- Federal Status: Not Listed
- FL Status: State-designated Threatened
- FNAI Ranks: G1G2Q/S1S2 (Globally: Insufficient Data for a specific rank, but ranges from Imperiled to Critically Imperiled [subspecies classification questioned]/ State: Insufficient Data for specific rank, but ranges from Critically Imperiled to Imperiled)
- IUCN Status: Not ranked
The Rim Rock crowned snake is named after the Miami Rim Rock geological formation. This snake species is non-venomous and can reach a length of up to ten inches (25 centimeters). It has a grayish-black dorsum (back), a black to light-brown head, yellow to red belly with black spots, and smooth scales (Florida Natural Areas Inventory 2001). The Rim Rock crowned snake is a very rare species with only 26 individuals known to exist (Florida Museum of Natural History, n.d.).
It is not exactly known what the Rim Rock crowned snake feeds on; however, it might feed on insects and other small invertebrates (Ernst and Ernst 2003).
The reproduction and lifespan of the Rim Rock crowned snake is not known. The species probably matures at two years of age, with a lifespan of five years in the wild, and lay around six eggs per year (Todd et al. 2008, Ernst and Ernst 2003). The Rim Rock crowned snake is fossorial (adapted to digging and life underground), which is why information has been difficult to gather.
Rim Rock crowned snakes inhabit pine rockland and tropical hardwood hammocks near fresh water (Florida Natural Areas Inventory 2001). They can be found in holes and depressions in the oolitic limestone (formed by calcium carbonate) but they can also be found periodically in rotten logs, under rocks and trash (Enge et al 2003, Campbell and Moler 1992). Rim rock crowned snakes are known from various localities in Miami, including Brownsville, Coconut Grove, Coral Gables, Cutler, Cutler Ridge, Kendall, Leisure City, North Miami, and Perrine (Duellman and Schwartz 1958, Florida Natural Areas Inventory 2001). The species also occurs in the Upper, Middle, and Lower Florida Keys.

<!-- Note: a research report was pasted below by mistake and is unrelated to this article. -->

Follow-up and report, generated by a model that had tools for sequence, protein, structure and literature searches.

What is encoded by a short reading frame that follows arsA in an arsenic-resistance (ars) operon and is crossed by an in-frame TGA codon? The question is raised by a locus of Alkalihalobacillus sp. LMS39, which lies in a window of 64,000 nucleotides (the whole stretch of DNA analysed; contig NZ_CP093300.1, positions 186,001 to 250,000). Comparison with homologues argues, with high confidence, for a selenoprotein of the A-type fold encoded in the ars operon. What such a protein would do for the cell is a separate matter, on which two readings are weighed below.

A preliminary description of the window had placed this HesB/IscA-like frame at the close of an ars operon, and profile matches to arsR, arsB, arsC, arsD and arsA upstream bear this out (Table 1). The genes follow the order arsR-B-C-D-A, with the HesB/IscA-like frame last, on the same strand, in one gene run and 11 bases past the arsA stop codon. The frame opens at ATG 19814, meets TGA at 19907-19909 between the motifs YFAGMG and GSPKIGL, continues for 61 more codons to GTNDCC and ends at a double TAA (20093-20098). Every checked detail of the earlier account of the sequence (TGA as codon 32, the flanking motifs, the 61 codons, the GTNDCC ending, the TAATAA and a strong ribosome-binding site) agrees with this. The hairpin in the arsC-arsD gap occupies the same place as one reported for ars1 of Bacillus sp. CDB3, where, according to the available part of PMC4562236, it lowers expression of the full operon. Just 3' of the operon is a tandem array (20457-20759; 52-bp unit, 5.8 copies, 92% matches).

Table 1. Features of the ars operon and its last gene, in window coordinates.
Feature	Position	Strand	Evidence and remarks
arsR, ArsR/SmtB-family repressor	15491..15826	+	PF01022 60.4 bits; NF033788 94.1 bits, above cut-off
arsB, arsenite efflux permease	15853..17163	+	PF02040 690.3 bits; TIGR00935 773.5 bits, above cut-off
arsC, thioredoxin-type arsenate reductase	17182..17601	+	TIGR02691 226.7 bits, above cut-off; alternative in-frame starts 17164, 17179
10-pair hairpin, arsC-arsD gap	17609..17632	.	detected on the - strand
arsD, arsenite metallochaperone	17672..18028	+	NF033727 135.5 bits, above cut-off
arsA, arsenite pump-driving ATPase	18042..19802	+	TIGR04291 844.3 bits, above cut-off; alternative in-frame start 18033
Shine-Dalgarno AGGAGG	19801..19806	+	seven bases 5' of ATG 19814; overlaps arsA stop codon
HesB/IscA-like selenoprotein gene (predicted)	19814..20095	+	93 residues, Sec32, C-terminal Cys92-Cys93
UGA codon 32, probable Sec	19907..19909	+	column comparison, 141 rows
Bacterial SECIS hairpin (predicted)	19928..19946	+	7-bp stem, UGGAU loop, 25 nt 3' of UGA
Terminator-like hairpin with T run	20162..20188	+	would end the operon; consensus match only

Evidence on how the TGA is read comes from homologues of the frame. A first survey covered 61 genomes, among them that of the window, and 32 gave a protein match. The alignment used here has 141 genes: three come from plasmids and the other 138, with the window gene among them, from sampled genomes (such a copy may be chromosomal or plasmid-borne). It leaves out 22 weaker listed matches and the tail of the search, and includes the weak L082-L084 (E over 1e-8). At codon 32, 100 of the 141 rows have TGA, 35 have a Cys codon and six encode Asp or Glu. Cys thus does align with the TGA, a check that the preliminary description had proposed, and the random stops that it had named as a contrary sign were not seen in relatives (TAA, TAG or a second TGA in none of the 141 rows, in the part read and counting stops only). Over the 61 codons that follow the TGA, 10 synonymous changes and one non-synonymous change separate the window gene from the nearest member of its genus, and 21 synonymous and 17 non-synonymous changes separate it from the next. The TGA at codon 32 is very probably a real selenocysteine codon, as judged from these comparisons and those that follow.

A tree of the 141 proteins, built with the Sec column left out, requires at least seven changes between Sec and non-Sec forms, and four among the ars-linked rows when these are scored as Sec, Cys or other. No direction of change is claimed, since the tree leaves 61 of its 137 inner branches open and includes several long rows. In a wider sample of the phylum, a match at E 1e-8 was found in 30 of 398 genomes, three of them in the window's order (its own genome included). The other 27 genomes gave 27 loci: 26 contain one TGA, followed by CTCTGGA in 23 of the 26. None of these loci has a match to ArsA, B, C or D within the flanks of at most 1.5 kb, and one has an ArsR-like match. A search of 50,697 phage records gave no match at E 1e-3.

The main threat to the Rim Rock crowned snake is the fragmentation (separation of the habitat into individual patches) of their habitat. This is a big threat for the population in and around Miami, as their habitat is mixed in with agricultural and residential lands (O’Brien 1998). The population in the Florida Keys faces a threat from severe storms such as hurricanes and tropical storms because they can cause flooding in the species’ habitat. The threat of global climate change also may threaten the species as the rise of sea level would also flood its habitat.
Campbell, H. W. and P. E. Moler. 1992. Rim Rock crowned snake, Tantilla oolitica Telford. Pages 158–161 in P. E. Moler, editor. Rare and endangered biota of Florida. Volume III. Amphibians and Reptiles. University Press of Florida, Gainesville, Florida, USA.
Duellman, W. E., and A. Schwartz. 1958. Amphibians and reptiles of southern Florida. Bulletin of the Florida State Museum, Biological Sciences 3:181–324.
Enge, K. M., B. A. Millsap, T. J. Doonan, J. A. Gore, N. J. Douglass, and G. L. Sprandel. 2003. Conservation plans for biotic regions in Florida containing multiple rare or declining wildlife taxa. Florida Fish and Wildlife Conservation Commission, Bureau of Wildlife Diversity Conservation Final Report, Tallahassee, Florida, USA. 146pp.
Ernst, C. H. and E. M. Ernst. 2003. Snakes of the United States and Canada. Smithsonian Books, Washington, D.C., USA. 668 pp.
Florida Museum of Natural History. (n.d.). Rim Rock Crowned Snake. Retrieved April 15, 2011, from Herpetology:
Florida Natural Areas Inventory. 2001. Field guide to the rare animals of Florida.
O’Brien, J. J. 1998. The distribution and habitat preferences of rare Galactia species (Fabaceae) and Chamaesyce deltoidea subspecies (Euphorbiaceae) native to southern Florida pine rockland. Natural Areas Journal 18:208–222.
Todd, B. D., J. D. Willson, C. T. Winne, R. D. Semlitsch, and J. W. Gibbons. 2008. Ecology of the southeastern crowned snake, Tantilla coronata. Copeia 2008:388–394.